March 18, 2009
Here’s a radical idea for you. Don’t buy it without trying it. I repeat. Don’t buy it without trying it.
It? What? A car or an iPod, right? No, I mean an enterprise-level application. If you can’t get a copy and set it up, don’t buy it. And I don’t mean a limited-functionality demo or a look-and-feel demo or maybe a video of the application. I mean try it and see if you like it.
I know. That’s impossible, right? Any vendor will tell you so. No human being can just get a copy of an app, install it, set up the data, and see whether it will work for them. It’s too difficult. It’s too complicated. It takes too long. It requires too much expertise. You need too much help. It would be a support nightmare. It’s completely impractical. It’s pointless.
I’ve heard all these things from the vendors. And they must be right, right?
Oh yes, I forgot all the things they don’t say. It would be too discouraging; the buyer hate the software. The buyer would screw up the implementation and then blame the vendor. The buyer would find problems and insist on their being fixed before he bought. The buyer might even compare capabilities with another vendor’s and use the comparison to drive down the price.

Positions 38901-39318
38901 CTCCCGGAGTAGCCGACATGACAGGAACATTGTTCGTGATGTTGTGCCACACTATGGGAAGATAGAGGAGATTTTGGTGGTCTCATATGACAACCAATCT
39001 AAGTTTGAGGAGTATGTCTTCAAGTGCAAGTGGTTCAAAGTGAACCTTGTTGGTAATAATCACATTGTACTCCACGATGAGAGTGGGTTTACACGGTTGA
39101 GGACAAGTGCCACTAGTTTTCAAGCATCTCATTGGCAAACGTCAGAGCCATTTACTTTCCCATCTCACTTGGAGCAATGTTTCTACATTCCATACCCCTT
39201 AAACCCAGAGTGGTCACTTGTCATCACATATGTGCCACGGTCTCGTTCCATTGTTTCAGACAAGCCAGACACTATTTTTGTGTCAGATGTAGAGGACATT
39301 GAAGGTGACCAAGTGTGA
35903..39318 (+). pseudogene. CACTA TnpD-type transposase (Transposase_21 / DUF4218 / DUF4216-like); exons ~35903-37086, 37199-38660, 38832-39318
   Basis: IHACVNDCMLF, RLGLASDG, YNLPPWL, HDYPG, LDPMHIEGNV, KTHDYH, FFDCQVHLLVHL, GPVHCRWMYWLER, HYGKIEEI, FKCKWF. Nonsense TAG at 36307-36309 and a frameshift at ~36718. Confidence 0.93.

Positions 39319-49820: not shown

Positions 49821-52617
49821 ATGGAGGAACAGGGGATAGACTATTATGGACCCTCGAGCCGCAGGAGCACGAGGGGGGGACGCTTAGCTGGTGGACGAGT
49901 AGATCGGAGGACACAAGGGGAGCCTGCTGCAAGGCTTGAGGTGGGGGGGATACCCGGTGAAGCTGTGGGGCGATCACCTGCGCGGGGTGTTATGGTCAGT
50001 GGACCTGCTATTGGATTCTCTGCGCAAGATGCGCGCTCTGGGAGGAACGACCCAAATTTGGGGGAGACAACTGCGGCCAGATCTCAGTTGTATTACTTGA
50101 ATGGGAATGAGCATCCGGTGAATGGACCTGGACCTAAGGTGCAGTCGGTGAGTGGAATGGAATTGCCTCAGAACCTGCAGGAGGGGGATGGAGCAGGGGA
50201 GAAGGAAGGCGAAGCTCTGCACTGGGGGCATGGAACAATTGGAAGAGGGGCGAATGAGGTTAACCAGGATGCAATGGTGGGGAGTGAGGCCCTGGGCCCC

Or the biggest nightmare of all. The competitors get hold of the software, distort, exaggerate, and lie about what they found, and convince an all-too-gullible customer not to buy us and buy them again.
Such bad behavior. What vendor would even imagine this kind of thing?
All wrong. Every bit of it, at least from the customers’ point of view. It is possible to set up a company fairly quickly. And if you can’t, that’s a problem. If you don’t like it, that’s a problem. If something doesn’t work, that’s a problem. If it does something worse than some competitor, that’s a problem. It’s the kind of problem that you should find before you buy.
So try it. And if they won’t let you. Go somewhere else.
But oh, before you do, let me know who it was. And I’ll post the list here.